On that note (like the pun?) I will sign off. Next Blog will probably be from Belize. If any of you are around that way next month, please let us know as it would be great to see you. Enjoy the photos in the gallery. Hugs




Land Time
08/26/2015

What a summer we have had. Leaving Ta-b safe in the Rio Dulce whilst we travelled has proved to be an excellent decision. She is being so well looked after in Tortugal Marina and at a third of the price we would normally pay. We recommend the marina to all our cruising friends.

We started our trip in Vancouver celebrating Amy's graduation from UBC, a very special day. Her flatmate Ali was in Toronto for a couple of months so we became Amy's "roomies" subletting Ali's room. It was a treat to spend so much time together and with Edwin just a couple of blocks away it was a perfect place to stay. Russell's sister Jillie also spent a couple of days with us on her way back to NZ from Croatia, a memorable family time.

Within a few weeks Russell flew to New Zealand to see his family and I flew in the opposite direction to England to see mine. In a short space of time we both managed to see a few friends whilst spending as much time as possible with our respective Mothers. Russell's mum Gypsy is 92 and still living on her own (with help) and walks up to the village every day for her daily capaccino. She is still very with it and I look forward to seeing her when we arrive in NZ with Ta-b in November 2016. My mum sadly is in the last stages of alzheimers. It is terribly hard watching someone you love so much go through such a cruel disease, I only hope that they find a cure in the near future.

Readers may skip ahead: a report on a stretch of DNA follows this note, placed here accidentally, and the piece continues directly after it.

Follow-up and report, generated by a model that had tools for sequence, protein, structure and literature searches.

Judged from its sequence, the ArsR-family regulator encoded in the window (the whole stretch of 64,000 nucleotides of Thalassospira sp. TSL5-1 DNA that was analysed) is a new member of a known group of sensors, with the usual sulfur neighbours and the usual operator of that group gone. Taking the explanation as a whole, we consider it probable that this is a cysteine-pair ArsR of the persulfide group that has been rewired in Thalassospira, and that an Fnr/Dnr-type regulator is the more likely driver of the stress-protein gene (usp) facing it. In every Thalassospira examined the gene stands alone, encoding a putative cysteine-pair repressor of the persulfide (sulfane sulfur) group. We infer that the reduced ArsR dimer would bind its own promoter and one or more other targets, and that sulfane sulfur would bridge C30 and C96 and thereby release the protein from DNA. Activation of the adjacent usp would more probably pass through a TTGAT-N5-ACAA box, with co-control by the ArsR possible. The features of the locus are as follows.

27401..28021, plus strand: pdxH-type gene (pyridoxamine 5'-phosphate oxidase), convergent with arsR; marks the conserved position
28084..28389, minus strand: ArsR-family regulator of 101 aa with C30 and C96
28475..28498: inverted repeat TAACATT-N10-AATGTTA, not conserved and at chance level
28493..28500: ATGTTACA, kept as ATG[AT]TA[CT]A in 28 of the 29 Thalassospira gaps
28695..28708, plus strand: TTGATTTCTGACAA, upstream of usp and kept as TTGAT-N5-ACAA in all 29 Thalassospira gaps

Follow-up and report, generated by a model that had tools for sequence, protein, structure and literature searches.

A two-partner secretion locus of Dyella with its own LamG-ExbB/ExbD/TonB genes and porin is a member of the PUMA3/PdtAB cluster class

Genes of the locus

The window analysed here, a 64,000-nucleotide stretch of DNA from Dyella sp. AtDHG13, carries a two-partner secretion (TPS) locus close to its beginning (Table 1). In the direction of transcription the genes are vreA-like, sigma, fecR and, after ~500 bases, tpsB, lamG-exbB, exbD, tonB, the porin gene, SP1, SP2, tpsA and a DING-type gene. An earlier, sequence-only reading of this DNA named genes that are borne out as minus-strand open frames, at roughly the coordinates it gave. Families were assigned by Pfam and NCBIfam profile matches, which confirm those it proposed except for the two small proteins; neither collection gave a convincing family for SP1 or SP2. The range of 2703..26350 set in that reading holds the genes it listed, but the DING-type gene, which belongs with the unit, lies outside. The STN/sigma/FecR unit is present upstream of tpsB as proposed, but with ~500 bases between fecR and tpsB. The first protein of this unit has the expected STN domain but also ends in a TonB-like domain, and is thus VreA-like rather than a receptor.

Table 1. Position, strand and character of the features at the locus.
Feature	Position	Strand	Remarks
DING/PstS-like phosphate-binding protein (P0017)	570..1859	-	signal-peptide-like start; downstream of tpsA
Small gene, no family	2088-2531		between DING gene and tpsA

Back in Vancouver we spent our time around appointments, kids, friends and enjoying all that the summer months have to offer. It was our first summer in Vancouver for eight years and we certainly lucked out with the weather, I think we could count the overcast and/or rainy days on one hand. We even managed some time on the water, sailing with a friend one day and going up towards Deep Cove on a friend's Grand Banks on another.

We took a trip into the interior to visit the Okanagan Lake area and then on up to Sun Peaks to visit friends Ken and Cathy. We love Sun Peaks, however it was our first summer visit and we loved our mountain hiking, lake canoeing, golf and even go carting. It was a busy and fun filled few days.

Another trip was to Sechelt to see friends who we have not seen for a long time, one of them being Amy's godmother. It was soon after the forest fires, when Vancouver suffered quite a few days of smoke filled skies, and you could see the devestation that the fires had caused. Certainly a few days of rain would have been welcome, everyone was praying for them, but while we were around they did not come. It has been the same in Guatemala, the rainy season which normally starts in May has not arrived.

Another trip to the islands was also planned. First we went to Salt Spring Island. Getting off the ferry felt like coming home, as in the past we have spent a lot of time at Scott Point, one of our yacht club outstations. We stayed with Rich and Kim who have just built a house and met their realtor our second night there. Well one thing led to another and the following day we went to look at a house on Old Scott Road. It was love at first sight and although not planned we are now, just over three weeks later, proud owners of a very special waterfront home. Now we are able to look forward to returning to land in a few years time.